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Now this makes absolutely no sense and has no relation to reality.
This is the part that I don't understand. In what way does "-1" make absolutely no sense and have no relation to reality? As an alternative, in what way does 434,765,544,376 make any sense and have any relation to reality (or, would you say that in fact it doesn't)? Please clarify.
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But of course there is! If my liabilities exceed my assets by one dollar then my net worth is -$1.

John Link

Hmm, I just need to clarify my point. Your example is true, but that's not what I meant. For instance, a one dollar bill physically exists. It is an entity. And there is one of those bills. But you cannot have -1 of those bills. Do you understand what I mean? The least quantity any entity can be is 1. If an entity has 0 quantity, then it does not exist. Therefore, in this sense, negative quantities are an impossibility and would imply some alternative to existence vs. non-existence, like...less than non-existence.

Even when your liabilities exceed your assets, the fact that your net worth is a negative number is not an actual entity. This is still a concept of method. Physically what is going on is you lose all your assets, but you don't continue losing assets once you go negative. You have no more assets to lose when you have 0 assets! No, what happens is you go in debt. You don't have anymore assets, so you are going to have to get more in the future. I hope my point is clear.

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I'm trying to tie the notion of 0 exponential to entities in reality (such as apples) in some understandable way. Why is it that integers with integer exponents greater than 0 work perfectly fine for counting entities (e.g. 2^2 is 2 sets of 2 apples), but as soon as that integer exponent goes lower than 1, it becomes useless for counting?

1^0 = 1

0 sets of 1 apple = 1 apple

Edited by brian0918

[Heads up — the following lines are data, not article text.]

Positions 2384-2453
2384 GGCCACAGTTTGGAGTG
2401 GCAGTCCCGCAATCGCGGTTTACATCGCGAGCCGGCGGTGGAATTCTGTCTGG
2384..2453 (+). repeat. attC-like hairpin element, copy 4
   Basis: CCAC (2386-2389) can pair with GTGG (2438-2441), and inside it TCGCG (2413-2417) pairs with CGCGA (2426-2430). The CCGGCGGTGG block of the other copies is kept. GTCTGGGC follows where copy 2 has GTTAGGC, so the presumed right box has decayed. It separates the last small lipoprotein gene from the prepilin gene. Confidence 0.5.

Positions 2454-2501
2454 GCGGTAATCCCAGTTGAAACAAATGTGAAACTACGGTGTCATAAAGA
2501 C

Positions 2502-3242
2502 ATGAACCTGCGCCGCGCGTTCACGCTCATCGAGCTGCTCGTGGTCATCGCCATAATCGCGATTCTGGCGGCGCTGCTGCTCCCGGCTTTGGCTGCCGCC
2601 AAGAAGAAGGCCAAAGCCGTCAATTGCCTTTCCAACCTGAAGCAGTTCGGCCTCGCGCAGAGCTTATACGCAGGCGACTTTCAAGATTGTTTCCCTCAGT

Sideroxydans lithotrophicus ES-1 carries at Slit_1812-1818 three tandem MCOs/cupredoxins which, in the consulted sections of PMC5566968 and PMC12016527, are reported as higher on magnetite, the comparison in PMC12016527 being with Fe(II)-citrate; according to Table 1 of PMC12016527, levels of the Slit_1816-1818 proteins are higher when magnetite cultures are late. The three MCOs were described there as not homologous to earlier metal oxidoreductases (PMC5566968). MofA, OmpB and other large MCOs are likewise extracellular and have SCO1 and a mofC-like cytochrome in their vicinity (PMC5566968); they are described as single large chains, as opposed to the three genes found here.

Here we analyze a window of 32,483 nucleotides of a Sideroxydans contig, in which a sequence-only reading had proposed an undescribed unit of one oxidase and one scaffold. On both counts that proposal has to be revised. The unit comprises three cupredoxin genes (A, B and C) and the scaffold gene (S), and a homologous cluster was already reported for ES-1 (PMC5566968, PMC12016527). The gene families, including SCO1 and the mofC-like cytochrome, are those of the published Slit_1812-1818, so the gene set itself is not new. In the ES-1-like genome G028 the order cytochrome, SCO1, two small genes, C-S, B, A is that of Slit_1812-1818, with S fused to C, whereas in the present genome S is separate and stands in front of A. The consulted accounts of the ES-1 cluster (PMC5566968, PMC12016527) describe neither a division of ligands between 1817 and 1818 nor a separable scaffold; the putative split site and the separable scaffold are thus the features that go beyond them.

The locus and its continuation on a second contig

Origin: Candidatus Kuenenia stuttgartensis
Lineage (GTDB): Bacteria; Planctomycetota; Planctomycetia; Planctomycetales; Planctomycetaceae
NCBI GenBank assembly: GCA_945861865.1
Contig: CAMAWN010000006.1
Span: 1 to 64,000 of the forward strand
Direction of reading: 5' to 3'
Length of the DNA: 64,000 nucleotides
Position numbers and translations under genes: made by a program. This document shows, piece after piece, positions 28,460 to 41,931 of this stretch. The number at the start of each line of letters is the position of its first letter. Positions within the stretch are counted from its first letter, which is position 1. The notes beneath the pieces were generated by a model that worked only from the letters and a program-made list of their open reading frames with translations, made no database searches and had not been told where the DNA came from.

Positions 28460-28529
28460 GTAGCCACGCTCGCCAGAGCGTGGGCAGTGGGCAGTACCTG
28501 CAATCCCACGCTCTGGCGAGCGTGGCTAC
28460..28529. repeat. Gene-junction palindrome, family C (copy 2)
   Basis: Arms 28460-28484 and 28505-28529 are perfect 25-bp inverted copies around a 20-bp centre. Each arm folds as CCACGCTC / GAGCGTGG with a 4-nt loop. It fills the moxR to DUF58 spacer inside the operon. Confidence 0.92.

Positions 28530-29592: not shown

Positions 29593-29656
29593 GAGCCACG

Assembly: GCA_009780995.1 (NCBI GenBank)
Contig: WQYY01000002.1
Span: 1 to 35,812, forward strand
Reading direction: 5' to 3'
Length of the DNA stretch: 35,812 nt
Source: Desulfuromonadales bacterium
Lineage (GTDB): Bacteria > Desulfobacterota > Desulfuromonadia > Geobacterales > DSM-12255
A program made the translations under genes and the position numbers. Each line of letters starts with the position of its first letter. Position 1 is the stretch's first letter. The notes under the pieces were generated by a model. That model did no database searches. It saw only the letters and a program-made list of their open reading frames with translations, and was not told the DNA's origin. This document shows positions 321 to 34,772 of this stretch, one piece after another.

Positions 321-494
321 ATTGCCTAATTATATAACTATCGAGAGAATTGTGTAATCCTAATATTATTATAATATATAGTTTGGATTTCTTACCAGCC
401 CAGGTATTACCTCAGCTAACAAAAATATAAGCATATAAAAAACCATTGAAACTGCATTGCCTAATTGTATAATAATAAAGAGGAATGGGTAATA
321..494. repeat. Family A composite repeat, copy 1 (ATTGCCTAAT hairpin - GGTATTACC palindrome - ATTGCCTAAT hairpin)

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I was referring to the paragraph that immediately preceded the quote, which was about exponents less than one, not about negative numbers.
Fine, so substitute exponents less than one. If you don't have a problem with negative numbers, then maybe you can explain in terms of why integers are okay, versus less-than-1 exponents are not. I'm asking for more detail, because I don't see why it causes you problems.
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Fine, so substitute exponents less than one. If you don't have a problem with negative numbers, then maybe you can explain in terms of why integers are okay, versus less-than-1 exponents are not. I'm asking for more detail, because I don't see why it causes you problems.

See the addition I made to my last reply, which was added right when you replied:

Why is it that integers with integer exponents greater than 0 work perfectly fine for counting entities (e.g. 2^2 is 2 sets of 2 apples), but as soon as that integer exponent goes lower than 1, it becomes useless for counting?
Edited by brian0918
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I'm trying to tie the notion of 0 exponential to entities in reality (such as apples) in some understandable way. Why is it that integers with integer exponents greater than 0 work perfectly fine for counting entities (e.g. 2^2 is 2 sets of 2 apples), but as soon as that integer exponent goes lower than 1, it becomes divorced from reality and useless for counting?
Fine, be that way, answer my question 2 minutes before I ask it ;)

2^2.5 apples is 5.65685425 apples -- I assume that's okay. Then 2^.5 applies is 1.41421356 apples and 2^-.5 applies is 0.707106781 apple. No matter how hard I try, I can't even get actual zero apple using this method. What is it that doesn't make sense? Unless...